20 years later I am still persuaded that 1) we will transcend Earth and all limits, but 2) not anytime soon. I am confident that things like radical life extension, artificial life, sentient Artificial Intelligence (AI) and super-human AI, mind uploading, and interstellar colonization, will happen someday, but probably after my time. I never considered the hyper-optimistic predictions of Ray Kurzweil and others as even remotely plausible, and I don’t see a Singularity in 2045 (or ever – I am a Singularitian who doesn’t believe in the Singularity). I am afraid things will take the time they must take, with all the twists and turns and roadblocks and setbacks that happen in the real world.

Getting things to almost work is much, much easier than getting things to work. Engineers know that even if you do 90 percent of the work in 10 percent of the time, then you will have to spend the remaining 90 percent of the time to do the missing 10 percent of the work. Same, of course, for money. Which means that 90 percent wasn’t really 90 percent, because it left out all the boring details that take 90 percent of the money and the time – boring details like sustainability, operational robustness, error recovery, failsafe operations and all that, without forgetting social acceptance, financial and political aspects.

This rant may give the impression that I have second thoughts about transhumanism, but that is very much not the case. On the contrary, I am totally on board without second thoughts, but I just happen to think that we will have to wait much longer than expected by optimist transhumanists. The impression that real AI seems always 20 years away indicates that perhaps we just don’t know enough to estimate the development timeline for something that is actually 200 years away. A good analogy is Leonardo’s flying machines. Leonardo understood that machines could fly, and produced sketches of flying machines, but the actual development of flying machines took centuries and required different technologies.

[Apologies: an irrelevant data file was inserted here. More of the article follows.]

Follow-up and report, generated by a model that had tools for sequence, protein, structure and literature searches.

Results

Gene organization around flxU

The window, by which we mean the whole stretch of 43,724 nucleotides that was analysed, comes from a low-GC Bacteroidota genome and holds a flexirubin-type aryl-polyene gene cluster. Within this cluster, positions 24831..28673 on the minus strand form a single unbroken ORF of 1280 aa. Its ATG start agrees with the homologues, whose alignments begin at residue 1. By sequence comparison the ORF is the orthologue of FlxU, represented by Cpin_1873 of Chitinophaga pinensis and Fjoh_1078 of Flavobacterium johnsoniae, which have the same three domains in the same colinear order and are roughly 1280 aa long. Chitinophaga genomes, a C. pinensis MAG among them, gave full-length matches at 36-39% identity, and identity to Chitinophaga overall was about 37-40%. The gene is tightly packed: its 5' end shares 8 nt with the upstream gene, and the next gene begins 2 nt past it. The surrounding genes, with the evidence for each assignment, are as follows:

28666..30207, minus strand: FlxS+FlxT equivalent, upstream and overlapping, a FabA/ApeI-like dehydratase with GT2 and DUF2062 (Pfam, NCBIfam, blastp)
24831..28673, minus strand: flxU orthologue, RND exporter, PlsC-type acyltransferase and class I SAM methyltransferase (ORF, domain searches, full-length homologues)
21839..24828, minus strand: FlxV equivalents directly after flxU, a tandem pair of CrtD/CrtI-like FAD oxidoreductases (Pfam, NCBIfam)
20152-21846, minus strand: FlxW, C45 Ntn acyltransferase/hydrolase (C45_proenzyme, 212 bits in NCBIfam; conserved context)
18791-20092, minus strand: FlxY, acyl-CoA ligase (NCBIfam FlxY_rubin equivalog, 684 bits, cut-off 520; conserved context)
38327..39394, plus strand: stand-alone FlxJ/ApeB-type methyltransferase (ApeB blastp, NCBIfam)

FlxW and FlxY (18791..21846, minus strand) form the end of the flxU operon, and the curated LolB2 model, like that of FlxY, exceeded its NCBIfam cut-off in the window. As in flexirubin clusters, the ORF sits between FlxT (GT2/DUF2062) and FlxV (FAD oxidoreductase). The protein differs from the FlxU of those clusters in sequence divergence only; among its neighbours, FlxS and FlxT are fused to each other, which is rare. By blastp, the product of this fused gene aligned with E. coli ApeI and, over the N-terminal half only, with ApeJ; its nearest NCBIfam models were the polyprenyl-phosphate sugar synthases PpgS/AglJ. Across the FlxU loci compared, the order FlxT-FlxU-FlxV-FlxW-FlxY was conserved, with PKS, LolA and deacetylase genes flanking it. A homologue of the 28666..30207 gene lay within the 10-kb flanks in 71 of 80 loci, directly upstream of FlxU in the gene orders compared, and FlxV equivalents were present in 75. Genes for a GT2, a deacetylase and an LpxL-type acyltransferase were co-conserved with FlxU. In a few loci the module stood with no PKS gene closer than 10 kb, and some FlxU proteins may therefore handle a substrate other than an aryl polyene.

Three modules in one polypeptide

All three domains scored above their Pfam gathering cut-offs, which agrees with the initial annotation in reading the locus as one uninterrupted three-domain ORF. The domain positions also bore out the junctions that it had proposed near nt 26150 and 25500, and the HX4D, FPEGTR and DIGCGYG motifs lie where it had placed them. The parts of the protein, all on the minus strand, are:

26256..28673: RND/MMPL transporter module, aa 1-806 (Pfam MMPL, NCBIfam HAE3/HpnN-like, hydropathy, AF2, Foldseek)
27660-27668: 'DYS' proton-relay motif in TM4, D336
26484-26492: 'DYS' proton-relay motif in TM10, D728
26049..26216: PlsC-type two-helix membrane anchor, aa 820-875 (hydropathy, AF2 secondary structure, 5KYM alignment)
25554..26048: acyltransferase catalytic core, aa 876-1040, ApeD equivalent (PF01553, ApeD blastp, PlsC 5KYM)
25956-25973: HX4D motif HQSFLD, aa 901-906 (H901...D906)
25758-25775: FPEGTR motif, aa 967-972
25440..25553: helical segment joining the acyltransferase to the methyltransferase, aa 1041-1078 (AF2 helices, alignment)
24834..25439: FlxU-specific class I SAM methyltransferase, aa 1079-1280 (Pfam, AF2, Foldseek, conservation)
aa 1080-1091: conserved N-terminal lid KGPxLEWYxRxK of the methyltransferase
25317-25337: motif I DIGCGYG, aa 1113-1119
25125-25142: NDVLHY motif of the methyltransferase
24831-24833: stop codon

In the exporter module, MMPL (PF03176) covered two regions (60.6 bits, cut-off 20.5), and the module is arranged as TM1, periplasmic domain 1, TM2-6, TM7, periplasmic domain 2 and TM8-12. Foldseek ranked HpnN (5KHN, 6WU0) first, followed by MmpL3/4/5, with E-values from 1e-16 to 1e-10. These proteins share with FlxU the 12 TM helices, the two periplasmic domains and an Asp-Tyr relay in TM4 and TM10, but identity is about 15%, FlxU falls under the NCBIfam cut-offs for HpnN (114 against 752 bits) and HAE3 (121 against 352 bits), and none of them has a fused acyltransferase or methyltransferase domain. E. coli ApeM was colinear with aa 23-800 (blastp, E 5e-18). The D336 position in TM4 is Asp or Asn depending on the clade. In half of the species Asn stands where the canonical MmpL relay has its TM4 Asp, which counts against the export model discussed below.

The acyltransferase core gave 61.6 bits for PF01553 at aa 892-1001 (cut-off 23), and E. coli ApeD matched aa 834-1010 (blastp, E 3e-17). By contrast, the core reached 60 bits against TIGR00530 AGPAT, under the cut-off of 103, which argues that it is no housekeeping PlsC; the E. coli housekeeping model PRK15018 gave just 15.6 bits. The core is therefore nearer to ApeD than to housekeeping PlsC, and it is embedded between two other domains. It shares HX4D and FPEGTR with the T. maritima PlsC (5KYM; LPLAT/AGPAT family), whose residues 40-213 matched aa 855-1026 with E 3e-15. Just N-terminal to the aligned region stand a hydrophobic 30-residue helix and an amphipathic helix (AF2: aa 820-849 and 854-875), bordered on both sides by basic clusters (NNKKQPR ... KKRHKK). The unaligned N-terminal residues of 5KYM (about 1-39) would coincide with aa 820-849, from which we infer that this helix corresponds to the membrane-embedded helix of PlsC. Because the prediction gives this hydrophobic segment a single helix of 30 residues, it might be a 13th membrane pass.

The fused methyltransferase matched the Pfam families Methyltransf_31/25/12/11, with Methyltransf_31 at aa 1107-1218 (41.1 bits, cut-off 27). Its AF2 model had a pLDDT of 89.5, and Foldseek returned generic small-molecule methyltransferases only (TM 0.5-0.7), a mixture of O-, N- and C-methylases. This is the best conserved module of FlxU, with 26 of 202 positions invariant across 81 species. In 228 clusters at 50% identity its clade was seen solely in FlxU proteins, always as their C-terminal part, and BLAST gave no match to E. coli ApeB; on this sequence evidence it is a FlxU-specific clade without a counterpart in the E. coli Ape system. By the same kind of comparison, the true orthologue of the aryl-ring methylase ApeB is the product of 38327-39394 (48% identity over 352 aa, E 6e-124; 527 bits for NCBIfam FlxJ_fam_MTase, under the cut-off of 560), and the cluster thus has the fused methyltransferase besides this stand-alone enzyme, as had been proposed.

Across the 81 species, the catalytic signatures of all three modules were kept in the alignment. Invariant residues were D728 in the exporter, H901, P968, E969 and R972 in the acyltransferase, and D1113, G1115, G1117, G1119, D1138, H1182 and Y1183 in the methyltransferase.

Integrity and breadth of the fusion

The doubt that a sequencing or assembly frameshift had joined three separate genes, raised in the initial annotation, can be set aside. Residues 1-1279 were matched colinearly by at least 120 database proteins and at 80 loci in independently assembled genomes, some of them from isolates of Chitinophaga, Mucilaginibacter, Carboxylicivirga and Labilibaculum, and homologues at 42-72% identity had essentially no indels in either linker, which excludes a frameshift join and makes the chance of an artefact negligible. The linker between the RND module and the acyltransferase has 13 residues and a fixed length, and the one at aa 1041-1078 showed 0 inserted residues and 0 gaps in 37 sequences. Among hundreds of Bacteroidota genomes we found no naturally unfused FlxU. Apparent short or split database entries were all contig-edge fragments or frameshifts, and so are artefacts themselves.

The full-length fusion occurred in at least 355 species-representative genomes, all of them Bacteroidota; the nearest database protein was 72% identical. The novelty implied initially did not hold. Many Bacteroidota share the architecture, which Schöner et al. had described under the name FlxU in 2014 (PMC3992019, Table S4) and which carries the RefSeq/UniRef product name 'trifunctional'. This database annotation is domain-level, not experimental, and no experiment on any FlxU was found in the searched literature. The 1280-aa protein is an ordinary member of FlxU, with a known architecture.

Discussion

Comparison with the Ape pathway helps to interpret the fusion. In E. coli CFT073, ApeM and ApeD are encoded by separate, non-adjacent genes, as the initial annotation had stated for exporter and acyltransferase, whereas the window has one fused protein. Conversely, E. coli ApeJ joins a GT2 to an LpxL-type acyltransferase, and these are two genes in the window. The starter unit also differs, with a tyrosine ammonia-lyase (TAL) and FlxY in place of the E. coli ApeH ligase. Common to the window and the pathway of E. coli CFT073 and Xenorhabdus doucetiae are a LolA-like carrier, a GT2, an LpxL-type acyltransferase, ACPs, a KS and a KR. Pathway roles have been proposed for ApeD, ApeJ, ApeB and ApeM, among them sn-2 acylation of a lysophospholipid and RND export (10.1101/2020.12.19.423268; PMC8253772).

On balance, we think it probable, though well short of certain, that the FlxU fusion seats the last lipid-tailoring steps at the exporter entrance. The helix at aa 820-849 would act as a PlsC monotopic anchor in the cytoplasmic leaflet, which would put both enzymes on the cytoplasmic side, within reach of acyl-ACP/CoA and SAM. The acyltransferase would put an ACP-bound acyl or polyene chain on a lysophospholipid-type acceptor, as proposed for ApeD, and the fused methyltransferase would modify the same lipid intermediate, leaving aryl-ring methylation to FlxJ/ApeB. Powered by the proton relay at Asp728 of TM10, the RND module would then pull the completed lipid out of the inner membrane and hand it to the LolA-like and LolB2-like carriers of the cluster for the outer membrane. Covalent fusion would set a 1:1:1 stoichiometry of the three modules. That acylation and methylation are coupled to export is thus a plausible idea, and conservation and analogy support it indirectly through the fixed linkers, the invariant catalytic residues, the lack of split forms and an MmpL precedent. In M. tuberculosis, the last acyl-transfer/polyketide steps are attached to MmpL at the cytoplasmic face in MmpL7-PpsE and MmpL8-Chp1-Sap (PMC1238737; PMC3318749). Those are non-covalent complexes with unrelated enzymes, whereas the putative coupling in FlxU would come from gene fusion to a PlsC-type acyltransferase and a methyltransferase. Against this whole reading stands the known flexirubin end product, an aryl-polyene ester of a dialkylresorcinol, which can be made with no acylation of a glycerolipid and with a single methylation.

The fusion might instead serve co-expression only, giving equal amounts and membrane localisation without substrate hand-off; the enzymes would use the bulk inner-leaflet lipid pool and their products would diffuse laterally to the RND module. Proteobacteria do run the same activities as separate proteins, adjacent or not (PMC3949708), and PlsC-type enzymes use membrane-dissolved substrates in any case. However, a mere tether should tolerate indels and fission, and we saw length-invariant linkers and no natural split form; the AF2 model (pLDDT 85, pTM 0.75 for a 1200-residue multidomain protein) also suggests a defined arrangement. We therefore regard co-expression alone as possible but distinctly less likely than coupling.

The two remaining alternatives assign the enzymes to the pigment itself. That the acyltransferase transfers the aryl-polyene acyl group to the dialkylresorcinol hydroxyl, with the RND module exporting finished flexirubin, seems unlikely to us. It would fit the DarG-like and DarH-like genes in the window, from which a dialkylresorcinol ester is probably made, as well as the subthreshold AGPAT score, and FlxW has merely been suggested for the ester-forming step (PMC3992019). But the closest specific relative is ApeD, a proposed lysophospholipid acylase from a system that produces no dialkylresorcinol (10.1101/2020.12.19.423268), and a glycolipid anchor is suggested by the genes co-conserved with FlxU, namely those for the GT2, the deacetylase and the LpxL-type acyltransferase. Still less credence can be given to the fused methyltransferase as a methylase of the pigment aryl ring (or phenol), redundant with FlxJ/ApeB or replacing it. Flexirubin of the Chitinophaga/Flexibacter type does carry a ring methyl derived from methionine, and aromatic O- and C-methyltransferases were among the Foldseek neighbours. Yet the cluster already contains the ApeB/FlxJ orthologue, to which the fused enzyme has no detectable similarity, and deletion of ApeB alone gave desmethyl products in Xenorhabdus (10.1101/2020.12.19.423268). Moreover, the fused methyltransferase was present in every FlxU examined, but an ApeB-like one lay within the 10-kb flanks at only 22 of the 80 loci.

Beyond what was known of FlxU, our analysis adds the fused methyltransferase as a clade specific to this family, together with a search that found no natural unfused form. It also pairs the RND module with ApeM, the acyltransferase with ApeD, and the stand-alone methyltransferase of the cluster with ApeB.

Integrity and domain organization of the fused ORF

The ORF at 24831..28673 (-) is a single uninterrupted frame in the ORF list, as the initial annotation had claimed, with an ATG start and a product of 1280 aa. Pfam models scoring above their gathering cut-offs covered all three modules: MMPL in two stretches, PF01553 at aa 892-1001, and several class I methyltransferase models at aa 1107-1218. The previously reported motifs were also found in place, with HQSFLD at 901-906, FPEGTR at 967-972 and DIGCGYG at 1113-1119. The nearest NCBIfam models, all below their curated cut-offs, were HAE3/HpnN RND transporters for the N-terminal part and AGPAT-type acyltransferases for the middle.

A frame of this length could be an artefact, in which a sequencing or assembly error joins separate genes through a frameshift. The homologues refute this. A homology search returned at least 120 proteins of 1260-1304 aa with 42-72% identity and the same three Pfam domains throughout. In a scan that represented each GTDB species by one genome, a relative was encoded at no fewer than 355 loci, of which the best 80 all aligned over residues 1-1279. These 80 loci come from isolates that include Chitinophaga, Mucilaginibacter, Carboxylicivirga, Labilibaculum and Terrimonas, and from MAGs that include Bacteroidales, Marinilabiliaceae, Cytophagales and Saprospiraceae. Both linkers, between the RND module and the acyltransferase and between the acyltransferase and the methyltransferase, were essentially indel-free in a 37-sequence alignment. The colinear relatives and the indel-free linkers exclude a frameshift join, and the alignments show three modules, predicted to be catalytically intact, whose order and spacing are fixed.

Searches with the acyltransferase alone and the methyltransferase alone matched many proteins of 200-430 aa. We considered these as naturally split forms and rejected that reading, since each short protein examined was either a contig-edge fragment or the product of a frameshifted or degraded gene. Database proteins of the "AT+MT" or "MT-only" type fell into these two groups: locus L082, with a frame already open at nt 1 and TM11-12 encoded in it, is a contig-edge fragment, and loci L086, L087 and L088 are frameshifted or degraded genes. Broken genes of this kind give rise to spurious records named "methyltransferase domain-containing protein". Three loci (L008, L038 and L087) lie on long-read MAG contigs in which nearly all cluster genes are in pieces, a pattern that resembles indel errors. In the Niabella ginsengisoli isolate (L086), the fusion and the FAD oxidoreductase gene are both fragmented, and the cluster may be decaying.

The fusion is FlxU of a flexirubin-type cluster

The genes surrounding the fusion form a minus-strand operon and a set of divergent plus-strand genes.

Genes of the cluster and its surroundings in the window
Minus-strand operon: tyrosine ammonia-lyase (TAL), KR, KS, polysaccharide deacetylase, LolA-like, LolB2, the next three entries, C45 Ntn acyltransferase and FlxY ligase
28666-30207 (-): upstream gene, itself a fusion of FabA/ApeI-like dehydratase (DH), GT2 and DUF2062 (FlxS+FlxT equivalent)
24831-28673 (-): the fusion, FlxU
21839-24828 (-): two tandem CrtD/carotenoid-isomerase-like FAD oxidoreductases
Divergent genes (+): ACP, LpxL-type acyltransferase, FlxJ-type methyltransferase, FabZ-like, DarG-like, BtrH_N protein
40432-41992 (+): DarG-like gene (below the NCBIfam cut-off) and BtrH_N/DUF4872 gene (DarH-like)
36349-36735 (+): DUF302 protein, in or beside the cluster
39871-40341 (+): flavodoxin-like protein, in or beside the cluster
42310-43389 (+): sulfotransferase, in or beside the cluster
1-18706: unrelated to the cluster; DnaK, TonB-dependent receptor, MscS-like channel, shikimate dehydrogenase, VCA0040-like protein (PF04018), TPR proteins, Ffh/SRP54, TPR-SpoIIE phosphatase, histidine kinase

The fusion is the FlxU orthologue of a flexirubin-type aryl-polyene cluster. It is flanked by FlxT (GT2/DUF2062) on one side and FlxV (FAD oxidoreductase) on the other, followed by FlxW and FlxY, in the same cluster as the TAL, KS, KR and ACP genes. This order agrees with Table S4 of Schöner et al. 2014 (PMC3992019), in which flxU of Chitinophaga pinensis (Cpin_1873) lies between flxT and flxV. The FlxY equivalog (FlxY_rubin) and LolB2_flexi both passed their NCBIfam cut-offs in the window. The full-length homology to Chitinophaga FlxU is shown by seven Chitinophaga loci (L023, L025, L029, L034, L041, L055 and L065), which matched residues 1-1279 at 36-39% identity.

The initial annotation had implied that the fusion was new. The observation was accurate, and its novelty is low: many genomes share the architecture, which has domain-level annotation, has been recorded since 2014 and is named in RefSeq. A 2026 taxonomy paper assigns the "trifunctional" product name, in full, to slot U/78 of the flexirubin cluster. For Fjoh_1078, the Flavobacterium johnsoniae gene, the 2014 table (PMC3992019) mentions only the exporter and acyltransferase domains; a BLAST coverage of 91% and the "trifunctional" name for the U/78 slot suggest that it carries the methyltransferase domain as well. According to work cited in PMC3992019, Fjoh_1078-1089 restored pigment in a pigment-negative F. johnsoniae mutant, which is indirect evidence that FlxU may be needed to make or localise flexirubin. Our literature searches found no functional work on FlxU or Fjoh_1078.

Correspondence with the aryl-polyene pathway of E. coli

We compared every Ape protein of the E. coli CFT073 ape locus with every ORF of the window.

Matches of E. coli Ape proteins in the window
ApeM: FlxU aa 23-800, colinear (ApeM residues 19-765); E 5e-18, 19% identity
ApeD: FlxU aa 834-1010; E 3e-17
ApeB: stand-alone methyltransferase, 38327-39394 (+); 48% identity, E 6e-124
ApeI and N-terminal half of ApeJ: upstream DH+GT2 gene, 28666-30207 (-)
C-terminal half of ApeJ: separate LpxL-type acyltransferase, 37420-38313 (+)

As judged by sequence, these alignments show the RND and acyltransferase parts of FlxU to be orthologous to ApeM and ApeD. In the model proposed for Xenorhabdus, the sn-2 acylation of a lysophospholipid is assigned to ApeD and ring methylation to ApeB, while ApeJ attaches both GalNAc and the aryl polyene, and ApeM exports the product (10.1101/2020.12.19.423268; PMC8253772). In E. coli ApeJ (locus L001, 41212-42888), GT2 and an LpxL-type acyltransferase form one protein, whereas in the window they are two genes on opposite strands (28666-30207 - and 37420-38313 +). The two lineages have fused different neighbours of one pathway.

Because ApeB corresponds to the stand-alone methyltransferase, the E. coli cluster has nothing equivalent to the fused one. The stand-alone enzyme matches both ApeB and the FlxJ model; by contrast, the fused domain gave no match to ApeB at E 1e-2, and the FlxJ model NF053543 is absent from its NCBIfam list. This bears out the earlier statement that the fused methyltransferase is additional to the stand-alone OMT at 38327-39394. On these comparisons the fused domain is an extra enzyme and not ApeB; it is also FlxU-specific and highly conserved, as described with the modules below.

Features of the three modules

“You will not live to be 200 years old,” writes Newitz in another piece. “Life extension like that is not going to happen in our lifetimes because quite simply it takes time to analyze our genomes, then it takes more time to test them, then it takes more time to develop therapies to keep us young, and then there is a lot of government red tape and cultural backlash to deal with too. Maybe our grandchildren will have a chance to take a life-extension pill. But not us.”

In passing, it’s worth noting that Newitz is open-minded about sentient AI, artificial life, mind uploading and all that. “It’s possible that we’ll become cyborgs, beings who are half biological and half machine,” she writes in the last part of her book Scatter, Adapt, and Remember: How Humans Will Survive a Mass Extinction. “No matter what scenario you think is most likely – synbio, uploads, or natural selection – our progeny may look nothing like us.” Newitz just thinks (and so do I) that:

“We may be at the start of a long, slow journey whose climactic moment comes thousands of years from now.”

My answer: So what? “The Universe is still young, all these things [space colonization, interstellar travel, immortality, strong AI, mind uploading…] and more will be developed by future generations, and it feels good to be part of a species that will do shit like this. I think our descendants will roam the universe and re-engineer space-time.” [read more…]

That does feel good indeed, but I (and I guess you too) still wish to be there in some way and see all those wonderful things. We want to hope that we will continue to be after our body dies, and we want to hope that we will see again our loved ones who passed away.

I guess everyone must find their way to cope with grief, and the (current) inevitability of physical death. Here is mine: I find joy in contemplating the Cosmist possibility, described by many thinkers including Nikolai Fedorov, Hans Moravec and Frank Tipler, that future generations (or alien civilizations, or whatever) may develop technologies to resurrect the dead. I hope to be copied to the future by “future magic” (in the sense of Sir Arthur C. Clarke’s Third Law) and find my loved ones there. [read more…]

Slow road

(Image adapted from Wikimedia Commons)